The school administration got the whole visibility opportunity wrong. They claimed raising visibility would satisfy “that person’s need to do it and maybe there is more that will happen.” Huh? I can’t think of a better way to ensure this doesn’t happen again than getting the entire school and community to get out in public, now, and express their opposition to this kind of behavior.

And “out in public” is where the six students and their families need to feel supported, and safe. These six children and their families should feel comfortable knowing more than the school and the police are looking out for them. Worse, time matters here, a lot. These children and their families needed that support the moment this was discovered. Importantly, the opportunity for members of the community to show their support in a timely manner was also taken away too.

What if the actions were guided by a fear of not succeeding? Success is not about catching whoever it is who wrote the graffiti. It’s about demonstrating unambiguous intolerance to racism, in the school system and community as a whole.

How could this have been handled differently?

  • They could have held a school-wide assembly to inform the students not of the threat as much as of the intolerance of racism. Of the vigilance to eradicate it.
  • They could have called a joint City Council-School Board emergency public meeting to shine a bright light on these two institutions’ intolerance to racism and vigilance to eradicate it.
  • They could have held a community-wide rally to ensure no one missed an opportunity to show support for these children and their families.

Hiding this or minimizing its visibility means that if whoever it is who made these threats is never caught, then he or she or they will have won. Even if caught, the legal process will be conducted in rooms, in buildings, away from the community.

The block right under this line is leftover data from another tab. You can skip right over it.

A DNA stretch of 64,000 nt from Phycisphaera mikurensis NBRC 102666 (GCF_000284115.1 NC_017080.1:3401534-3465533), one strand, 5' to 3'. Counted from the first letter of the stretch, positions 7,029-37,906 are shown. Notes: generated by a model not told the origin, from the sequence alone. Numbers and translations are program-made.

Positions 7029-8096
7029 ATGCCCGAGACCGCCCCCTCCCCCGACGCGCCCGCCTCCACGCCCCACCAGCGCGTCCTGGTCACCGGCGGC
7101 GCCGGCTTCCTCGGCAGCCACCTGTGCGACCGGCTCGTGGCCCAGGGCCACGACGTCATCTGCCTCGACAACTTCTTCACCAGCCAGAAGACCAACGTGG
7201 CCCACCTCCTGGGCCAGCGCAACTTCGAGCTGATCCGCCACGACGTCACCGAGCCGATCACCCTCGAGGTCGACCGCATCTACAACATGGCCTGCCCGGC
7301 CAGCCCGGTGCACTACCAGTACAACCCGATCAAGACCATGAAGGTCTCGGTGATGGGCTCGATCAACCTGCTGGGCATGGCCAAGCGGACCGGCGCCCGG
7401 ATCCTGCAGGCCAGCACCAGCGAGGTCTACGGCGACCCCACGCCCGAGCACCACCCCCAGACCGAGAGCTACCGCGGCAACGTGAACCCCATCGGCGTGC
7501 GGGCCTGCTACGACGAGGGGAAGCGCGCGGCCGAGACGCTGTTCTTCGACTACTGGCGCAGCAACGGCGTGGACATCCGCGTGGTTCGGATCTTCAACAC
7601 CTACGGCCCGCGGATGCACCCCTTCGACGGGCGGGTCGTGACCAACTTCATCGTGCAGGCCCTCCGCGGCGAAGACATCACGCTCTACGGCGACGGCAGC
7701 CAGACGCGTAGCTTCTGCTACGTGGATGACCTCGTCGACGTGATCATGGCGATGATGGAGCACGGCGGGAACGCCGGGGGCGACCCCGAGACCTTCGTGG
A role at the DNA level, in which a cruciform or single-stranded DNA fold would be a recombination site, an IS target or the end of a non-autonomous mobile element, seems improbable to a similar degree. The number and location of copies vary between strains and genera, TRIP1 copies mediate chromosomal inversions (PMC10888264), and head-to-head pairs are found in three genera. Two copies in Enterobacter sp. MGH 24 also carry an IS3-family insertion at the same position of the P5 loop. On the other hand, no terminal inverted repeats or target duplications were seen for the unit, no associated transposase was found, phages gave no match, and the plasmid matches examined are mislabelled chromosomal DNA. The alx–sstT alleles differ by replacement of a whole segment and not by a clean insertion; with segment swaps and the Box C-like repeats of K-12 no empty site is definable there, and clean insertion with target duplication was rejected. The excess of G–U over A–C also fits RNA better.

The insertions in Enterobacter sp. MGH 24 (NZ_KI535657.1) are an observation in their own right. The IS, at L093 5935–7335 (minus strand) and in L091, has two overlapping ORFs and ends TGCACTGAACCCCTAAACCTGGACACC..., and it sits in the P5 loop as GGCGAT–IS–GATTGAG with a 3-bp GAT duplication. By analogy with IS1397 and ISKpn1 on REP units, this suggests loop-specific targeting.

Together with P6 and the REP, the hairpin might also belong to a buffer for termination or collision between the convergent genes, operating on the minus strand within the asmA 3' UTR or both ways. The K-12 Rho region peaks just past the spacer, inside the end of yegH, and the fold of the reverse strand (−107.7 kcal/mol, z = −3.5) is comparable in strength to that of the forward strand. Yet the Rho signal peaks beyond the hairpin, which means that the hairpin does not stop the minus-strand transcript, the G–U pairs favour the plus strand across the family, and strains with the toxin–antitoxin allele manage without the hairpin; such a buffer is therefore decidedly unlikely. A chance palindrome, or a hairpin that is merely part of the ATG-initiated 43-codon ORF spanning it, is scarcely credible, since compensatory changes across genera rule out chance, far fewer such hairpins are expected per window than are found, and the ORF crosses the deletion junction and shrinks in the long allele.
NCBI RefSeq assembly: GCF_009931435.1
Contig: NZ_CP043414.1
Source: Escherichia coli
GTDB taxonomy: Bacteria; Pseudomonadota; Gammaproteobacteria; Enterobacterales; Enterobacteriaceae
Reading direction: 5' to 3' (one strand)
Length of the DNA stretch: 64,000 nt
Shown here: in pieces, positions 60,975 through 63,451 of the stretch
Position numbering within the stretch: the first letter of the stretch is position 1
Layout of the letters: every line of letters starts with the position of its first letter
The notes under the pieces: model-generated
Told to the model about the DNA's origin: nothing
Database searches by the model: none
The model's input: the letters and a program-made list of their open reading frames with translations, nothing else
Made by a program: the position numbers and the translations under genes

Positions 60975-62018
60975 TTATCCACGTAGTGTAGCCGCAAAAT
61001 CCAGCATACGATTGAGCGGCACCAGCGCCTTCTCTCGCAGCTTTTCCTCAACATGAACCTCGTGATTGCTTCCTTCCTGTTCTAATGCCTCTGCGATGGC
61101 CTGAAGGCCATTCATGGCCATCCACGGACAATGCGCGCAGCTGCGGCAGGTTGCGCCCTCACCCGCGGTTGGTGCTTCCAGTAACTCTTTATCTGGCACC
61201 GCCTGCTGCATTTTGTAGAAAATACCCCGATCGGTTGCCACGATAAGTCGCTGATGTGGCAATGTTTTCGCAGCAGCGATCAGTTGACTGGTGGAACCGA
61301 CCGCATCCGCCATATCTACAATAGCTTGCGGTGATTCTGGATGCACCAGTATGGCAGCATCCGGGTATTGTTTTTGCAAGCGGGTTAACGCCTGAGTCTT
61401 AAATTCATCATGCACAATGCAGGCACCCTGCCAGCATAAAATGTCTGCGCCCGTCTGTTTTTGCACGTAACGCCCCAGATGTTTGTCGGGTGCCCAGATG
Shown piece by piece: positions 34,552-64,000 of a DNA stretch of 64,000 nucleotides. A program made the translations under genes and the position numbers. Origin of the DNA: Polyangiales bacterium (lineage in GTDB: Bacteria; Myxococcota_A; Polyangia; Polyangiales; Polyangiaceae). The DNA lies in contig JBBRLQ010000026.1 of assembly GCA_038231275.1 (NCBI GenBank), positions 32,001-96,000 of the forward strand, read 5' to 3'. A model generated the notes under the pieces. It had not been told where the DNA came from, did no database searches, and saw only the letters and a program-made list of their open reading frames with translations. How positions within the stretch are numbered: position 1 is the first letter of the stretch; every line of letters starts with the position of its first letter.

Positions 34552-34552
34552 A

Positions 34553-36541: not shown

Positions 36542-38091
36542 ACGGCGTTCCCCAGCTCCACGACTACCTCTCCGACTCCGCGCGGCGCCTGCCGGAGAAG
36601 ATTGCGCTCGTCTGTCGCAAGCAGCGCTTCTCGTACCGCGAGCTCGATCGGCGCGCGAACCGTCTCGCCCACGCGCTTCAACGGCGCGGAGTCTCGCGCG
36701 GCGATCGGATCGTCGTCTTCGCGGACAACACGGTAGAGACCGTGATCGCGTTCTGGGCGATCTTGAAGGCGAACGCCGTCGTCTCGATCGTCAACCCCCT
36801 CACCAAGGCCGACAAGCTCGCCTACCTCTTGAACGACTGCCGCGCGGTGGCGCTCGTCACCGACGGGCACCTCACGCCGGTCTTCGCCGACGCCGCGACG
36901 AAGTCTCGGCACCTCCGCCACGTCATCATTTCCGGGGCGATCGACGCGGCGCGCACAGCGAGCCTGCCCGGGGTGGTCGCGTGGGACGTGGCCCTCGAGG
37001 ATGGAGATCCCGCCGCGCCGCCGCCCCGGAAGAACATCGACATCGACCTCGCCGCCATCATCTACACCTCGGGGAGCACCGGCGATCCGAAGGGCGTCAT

What a spectacular opportunity to bring the community together and shine a big, bright light on this. And what a colossally great learning opportunity, missed. My daughter is taking a “Race, Prejudice, and Intolerance” class in that very school, right now. Holy cow, why not get the entire student body in on a real-time lesson. How many people can say they’ve taken part in an anti-racism activity, as a student, in their own school?

And that list I came up with about how this could have been handled differently? It can all still be done too.

And this isn’t personal or about the people involved. It’s about the direction they chose. I know the school principal and many of the school administration and teachers. These are smart, caring, very hardworking people. People that make you proud that they do what they do to provide a great education for our kids. That’s why it’s so heartbreaking to witness the straightforward, sensible path that produced this missed opportunity.

A fear of failure produced this. Nothing done wrong, but plenty of collateral damage, and six students, their families, and the community poorer for the experience.